A man called Ove by Fredrik Backman | Book Review

Hello Readers! I thought I would mix it up and read fiction this week! We’re discussing A Man Called Ove by Fredrik Backman.

Obviously this book is about an elderly gentleman named Ove and a series of events that unfold after a new family move in next door.

There’s always a story

Backman’s work reminded me that everybody has a story and these relate to the actions people take. The narrative of Ove’s life switches between past and present and provides context for the seemingly ridiculous behavior on behalf of Ove. You realize through the contrasting comical and tragic events that unfold, that life experiences sculpt everything about us.

A time like that comes for every man, when he chooses what sort of man he wants to be. And if you don’t know the story, you don’t know the man.

Love your neighbor

This message was depicted literally and metaphorically. In Backman’s work, we see the relationship between various community members and Ove develop (with varying degrees of success), but none is more symbolic of loving your neighbor than the friendship that blooms between Parvaneh and Ove. The relationship that’s built truly shows you the importance of loving your neighbor even though there are seemingly irreconcilable differences. The juxtaposition of hilarious and heartbreaking moments truly shows you the importance of having people around you that love, support and accept you for who you are.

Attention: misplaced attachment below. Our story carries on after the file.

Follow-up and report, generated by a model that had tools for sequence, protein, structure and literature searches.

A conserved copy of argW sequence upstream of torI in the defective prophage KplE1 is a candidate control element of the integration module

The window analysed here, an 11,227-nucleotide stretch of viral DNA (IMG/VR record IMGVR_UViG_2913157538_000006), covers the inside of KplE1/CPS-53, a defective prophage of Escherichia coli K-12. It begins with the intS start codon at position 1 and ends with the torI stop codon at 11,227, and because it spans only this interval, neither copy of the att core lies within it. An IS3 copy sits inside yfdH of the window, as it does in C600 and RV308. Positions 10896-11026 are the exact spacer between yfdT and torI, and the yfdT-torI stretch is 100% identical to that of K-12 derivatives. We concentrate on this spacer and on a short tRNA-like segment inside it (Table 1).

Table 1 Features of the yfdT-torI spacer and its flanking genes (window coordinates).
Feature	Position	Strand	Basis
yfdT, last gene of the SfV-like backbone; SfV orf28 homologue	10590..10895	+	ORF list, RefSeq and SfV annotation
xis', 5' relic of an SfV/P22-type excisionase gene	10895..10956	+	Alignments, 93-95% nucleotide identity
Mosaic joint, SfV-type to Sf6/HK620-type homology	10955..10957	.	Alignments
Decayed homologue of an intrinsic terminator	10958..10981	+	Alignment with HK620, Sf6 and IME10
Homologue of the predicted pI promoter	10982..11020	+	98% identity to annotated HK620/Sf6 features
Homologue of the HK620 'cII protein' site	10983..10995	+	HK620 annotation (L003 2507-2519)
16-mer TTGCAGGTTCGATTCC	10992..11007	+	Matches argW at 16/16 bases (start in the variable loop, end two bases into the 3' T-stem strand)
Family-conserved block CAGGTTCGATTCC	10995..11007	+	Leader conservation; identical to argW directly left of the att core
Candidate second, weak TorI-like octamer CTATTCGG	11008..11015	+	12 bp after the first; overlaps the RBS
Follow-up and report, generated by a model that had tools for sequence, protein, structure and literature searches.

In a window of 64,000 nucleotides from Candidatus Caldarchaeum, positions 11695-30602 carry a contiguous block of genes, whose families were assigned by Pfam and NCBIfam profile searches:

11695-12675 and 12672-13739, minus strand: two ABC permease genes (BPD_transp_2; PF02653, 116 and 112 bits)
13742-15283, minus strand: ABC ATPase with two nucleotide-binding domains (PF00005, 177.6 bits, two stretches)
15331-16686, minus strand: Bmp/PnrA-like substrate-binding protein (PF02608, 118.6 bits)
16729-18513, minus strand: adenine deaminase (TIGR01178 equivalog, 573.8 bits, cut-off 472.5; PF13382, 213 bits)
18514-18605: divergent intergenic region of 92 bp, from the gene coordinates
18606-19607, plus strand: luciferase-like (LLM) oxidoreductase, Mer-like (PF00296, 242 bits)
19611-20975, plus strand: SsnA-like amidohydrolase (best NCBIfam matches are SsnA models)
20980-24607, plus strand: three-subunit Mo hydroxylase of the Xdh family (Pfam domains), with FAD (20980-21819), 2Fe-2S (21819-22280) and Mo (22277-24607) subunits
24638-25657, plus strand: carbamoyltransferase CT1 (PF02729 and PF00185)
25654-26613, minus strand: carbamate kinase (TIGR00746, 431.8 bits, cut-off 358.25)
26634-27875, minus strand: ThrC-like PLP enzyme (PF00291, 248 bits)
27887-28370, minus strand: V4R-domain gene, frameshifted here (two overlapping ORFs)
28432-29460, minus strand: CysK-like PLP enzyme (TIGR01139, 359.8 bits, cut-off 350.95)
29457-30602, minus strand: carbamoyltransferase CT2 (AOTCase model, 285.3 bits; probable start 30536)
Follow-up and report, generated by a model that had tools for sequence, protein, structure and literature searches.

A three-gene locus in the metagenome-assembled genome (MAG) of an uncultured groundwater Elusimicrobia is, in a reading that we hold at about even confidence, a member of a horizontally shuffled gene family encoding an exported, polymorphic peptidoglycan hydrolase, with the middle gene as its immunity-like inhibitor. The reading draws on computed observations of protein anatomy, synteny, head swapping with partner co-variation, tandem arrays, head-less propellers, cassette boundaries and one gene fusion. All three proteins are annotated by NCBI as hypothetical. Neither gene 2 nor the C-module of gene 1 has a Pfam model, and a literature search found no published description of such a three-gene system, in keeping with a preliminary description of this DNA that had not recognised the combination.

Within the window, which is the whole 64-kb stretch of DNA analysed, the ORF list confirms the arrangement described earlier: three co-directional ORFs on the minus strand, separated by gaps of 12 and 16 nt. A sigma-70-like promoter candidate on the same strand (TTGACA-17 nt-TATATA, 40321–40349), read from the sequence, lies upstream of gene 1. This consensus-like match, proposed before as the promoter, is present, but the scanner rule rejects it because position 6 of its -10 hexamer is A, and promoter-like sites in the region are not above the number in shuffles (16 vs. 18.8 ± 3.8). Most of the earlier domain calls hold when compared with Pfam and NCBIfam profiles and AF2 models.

And then he utters seven words, which Parvaneh will always remember as the loveliest compliment he’ll ever give her. “Because you are not a complete twit.

Positives

I love the unique writing style that Backman craftily uses to depict Ove. Backman’s writing is quirky and engaging and manages to balance the love-hate relationship you develop with Ove perfectly. I love how you’re on an emotional journey during which you are frustrated with Ove’s stubbornness, yet over time develop an understanding of what the underlying reason is that drives his behavior.

I also love the transitions between past and present that Backman uses to provide the reader with an understanding of Ove’s background. The constant switching between past and present kept me continuously engaged and always left me wanting more answers.

Ove feels an instinctive skepticism towards all people taller than six feet; the blood can’t quite make it all the way up to the brain.”

Who should read this book?

If you want a roller coaster ride of emotions this book is for you. It will take you through moments of joy and sadness, it’ll make you laugh and cry, happy and sad! It touches on a variety of emotions that make the narrative extremely engaging. If you want to be taken on an emotional journey that highlights the beauty of life, this book is for you.

People said Ove saw the world in black and white. But she was color. All the color he had.
One clap, two clap, three clap, forty?

By clapping more or less, you can signal to us which stories really stand out.